Department of Medicinal and Biological Chemistry

L.M. Viranga Tillekeratne, D.Phil.

Photo of Dr. L.M. Viranga Tillekeratne
  Professor

  Department of Medicinal and Biological Chemistry
  E-mail: liyanaaratchige.tillekeratne@utoledo.edu

 

 

 

AREA OF RESEARCH

My lab is interested in the study of small molecule probes of both synthetic and natural origin to study protein function as a basis for drug design and drug discovery. This involves synthesis of biologically active natural products and their analogues and structural optimization of natural products for improving pharmacological properties. We are also interested in the development of redox-active electrocatalysts to be used in electrochemical sensors to detect thiols.

Study of small molecule probes for drug design

Two bioactive natural products that we are currently focusing on are epothilones and largazole.

Epothilones

Epothilones are a group of anticancer natural products with a mechanism of action similar to that of paclitaxel (taxol). Due to their superior properties over paclitaxel, including resistance to multi-drug resistant cancer cell lines, epothilones have become important target molecules in anticancer research. We are currently investigating a class of structurally and conformationally-constrained epothilone analogues and a class of open-chain epothilones. We believe that the structurally-constrained epothilone analogues we have designed will provide information on the bioactive conformation of epothilone, and also will lead to analogues of improved pharmacological profile. We have already synthesized several of these analogues by a multi-step convergent synthetic strategy. Several other analogues are being synthesized. We are also synthesizing a new class of open-chain epothilone analogues in which a small molecular scaffold holds together key fragments of the molecule necessary for biological activity. We are currently developing a library of these open-chain epothilone analogues for structure-activity (SAR) studies.

Largazole

Largazole is a very potent and selective antiproliferative agent recently isolated from a marine cyanobacterium. It is a histone deacetylase (HDAC) inhibitor. HDACs are a class of metalloenzymes responsible for the hydrolysis of the acetyl group from lysine residues in histone proteins, leading to transcriptionally inactive condensed forms of chromatin. They are being extensively investigated as targets for epigenetic regulation or changing gene expression without changing DNA sequence for treating human disorders. HDACs are linked to cellular events such as proliferation, cell-cycle regulation, differentiation and induction of apoptosis. Aberrant HDAC activity is implicated in a number of human disorders including cancer, inflammation, rheumatoid arthritis, cardiac hypertrophy and neurodegenerative diseases. HDACs also deacetylate non-histone proteins such as hormone receptors, transcription factors, molecular chaperone proteins and cytoskeletal proteins and modify their roles in cellular functions. However, the precise role of individual HDAC isoforms in cell function and pathology of disease is not well understood. A major priority in HDAC research is the development of isoform-selective HDAC inhibitors. Isoform selective HDAC inhibitors will be useful as tools to decipher the role of individual isoforms in biochemical processes and cellular function and also to increase the therapeutic potential of HDAC inhibitors by reducing undesirable side effects.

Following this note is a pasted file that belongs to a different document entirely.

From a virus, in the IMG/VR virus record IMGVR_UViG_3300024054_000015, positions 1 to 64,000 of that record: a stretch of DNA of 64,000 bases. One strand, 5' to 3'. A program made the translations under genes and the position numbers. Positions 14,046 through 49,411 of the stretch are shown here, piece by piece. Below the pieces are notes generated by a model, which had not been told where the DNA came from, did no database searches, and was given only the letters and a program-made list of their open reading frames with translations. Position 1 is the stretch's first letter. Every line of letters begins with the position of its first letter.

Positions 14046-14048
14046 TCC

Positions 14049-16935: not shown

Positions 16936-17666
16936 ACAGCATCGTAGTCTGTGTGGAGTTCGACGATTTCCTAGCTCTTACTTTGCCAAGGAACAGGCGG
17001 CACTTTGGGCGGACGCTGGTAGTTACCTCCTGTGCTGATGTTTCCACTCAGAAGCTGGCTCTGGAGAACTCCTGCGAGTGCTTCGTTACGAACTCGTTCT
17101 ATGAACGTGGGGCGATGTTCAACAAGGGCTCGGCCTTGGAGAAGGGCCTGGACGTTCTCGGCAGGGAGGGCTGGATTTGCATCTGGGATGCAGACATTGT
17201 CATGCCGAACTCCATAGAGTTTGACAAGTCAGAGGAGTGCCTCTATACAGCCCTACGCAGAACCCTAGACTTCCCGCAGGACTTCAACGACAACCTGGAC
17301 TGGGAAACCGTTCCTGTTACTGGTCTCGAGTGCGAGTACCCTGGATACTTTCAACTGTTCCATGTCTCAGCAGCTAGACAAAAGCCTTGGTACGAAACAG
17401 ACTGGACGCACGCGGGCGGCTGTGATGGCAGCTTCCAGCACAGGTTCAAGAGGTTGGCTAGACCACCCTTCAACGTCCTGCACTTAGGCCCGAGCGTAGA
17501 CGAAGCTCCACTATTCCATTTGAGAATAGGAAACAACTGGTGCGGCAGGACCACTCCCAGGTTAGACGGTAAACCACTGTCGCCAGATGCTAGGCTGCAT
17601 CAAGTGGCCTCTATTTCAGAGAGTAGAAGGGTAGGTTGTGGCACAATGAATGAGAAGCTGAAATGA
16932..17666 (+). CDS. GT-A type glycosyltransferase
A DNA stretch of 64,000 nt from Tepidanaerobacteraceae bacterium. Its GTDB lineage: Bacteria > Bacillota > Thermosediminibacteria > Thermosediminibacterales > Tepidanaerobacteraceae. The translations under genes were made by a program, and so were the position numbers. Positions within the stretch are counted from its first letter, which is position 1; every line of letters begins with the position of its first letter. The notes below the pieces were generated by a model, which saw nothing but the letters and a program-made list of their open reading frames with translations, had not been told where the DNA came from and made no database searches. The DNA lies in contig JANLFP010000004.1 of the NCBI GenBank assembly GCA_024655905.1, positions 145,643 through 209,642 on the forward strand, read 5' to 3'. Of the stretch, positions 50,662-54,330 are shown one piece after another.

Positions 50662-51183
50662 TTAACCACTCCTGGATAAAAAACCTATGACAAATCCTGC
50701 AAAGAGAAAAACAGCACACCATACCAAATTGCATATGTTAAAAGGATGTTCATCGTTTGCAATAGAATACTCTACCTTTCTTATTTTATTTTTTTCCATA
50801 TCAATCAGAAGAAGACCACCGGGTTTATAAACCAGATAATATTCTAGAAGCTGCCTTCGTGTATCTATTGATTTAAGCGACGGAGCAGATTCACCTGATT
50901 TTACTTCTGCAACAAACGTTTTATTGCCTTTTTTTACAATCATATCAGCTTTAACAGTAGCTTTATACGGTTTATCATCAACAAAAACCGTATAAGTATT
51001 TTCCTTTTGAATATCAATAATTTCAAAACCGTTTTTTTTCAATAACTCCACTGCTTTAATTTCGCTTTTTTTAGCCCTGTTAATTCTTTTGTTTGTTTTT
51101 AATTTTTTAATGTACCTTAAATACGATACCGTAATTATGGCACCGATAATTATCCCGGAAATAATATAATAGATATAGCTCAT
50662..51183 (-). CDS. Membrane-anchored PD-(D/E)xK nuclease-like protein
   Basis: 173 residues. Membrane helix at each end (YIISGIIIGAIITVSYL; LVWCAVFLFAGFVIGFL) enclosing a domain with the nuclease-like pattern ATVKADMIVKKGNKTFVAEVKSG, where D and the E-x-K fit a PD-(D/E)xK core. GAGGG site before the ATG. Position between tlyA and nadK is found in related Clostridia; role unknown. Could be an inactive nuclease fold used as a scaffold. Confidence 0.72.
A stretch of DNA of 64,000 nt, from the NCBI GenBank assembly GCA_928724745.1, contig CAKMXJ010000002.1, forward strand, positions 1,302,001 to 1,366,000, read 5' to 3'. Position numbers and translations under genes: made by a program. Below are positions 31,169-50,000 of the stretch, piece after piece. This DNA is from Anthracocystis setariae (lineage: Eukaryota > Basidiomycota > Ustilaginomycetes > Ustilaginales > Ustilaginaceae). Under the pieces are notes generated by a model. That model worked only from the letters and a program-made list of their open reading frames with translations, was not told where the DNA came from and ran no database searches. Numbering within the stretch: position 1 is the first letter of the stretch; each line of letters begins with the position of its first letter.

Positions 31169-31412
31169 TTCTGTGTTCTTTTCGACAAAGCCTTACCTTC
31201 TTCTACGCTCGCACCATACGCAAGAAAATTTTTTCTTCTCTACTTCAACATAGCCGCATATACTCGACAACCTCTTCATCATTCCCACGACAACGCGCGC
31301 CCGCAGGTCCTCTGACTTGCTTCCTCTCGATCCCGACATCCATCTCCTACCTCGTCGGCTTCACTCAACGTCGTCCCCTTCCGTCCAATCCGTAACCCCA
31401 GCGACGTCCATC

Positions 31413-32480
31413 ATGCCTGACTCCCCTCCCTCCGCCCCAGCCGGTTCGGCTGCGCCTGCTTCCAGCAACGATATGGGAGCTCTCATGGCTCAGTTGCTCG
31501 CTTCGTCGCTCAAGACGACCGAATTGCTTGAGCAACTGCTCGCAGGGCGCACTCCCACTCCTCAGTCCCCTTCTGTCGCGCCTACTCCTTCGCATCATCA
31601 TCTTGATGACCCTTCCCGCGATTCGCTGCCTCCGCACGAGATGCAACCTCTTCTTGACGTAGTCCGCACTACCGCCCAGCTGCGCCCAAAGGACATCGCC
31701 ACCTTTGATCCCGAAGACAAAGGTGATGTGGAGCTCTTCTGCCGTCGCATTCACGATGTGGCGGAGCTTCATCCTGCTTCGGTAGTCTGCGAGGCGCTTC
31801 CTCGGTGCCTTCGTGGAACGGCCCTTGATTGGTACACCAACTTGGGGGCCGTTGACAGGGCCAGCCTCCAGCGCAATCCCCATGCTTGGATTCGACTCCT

The recently isolated HDAC inhibitor largazole possesses remarkable selective activity against cancer cells compared to normal cells. We are synthesizing a series of structural analogues of largazole by modifying its depsipeptide core, which interacts with the hydrophobic rim of the active site of histone deacetylase, and its thiol side chain, which constitutes the metal-binding domain, for SAR studies as well as to develop isoform-selective HDAC inhibitors of higher potency. The largazole analogues synthesized are tested for their anticancer, neuroprotective, cardioprotective anti-inflammatory and anti-arthritic properties.

Development of Molecular Probes for Sensors

We are developing redox-active molecular probes to be used as electrocatalysts in sensors to detect thiols and neurotoxins electrochemically. This is a collaborative project with Dr. Jon R. Kirchhoff of the Department of Chemistry, Universityof Toledo. Following on the success of our first generation electrodes with entrapped quinones as electrocatalysts, we are now synthesizing quinone-capped molecular wires to be used in our second generation thiol sensors, in order to overcome some of the drawbacks of the first generation sensors.

Educational Background

Postdoctoral Research Associate University of Oklahoma, 1982
D.Phil. Oxford University, 1975
B.S. University of Colombo, Sri Lanka, 1969

 PUBLICATIONS AND JOURNALS

UToledo Scholars

Last Updated: 6/27/22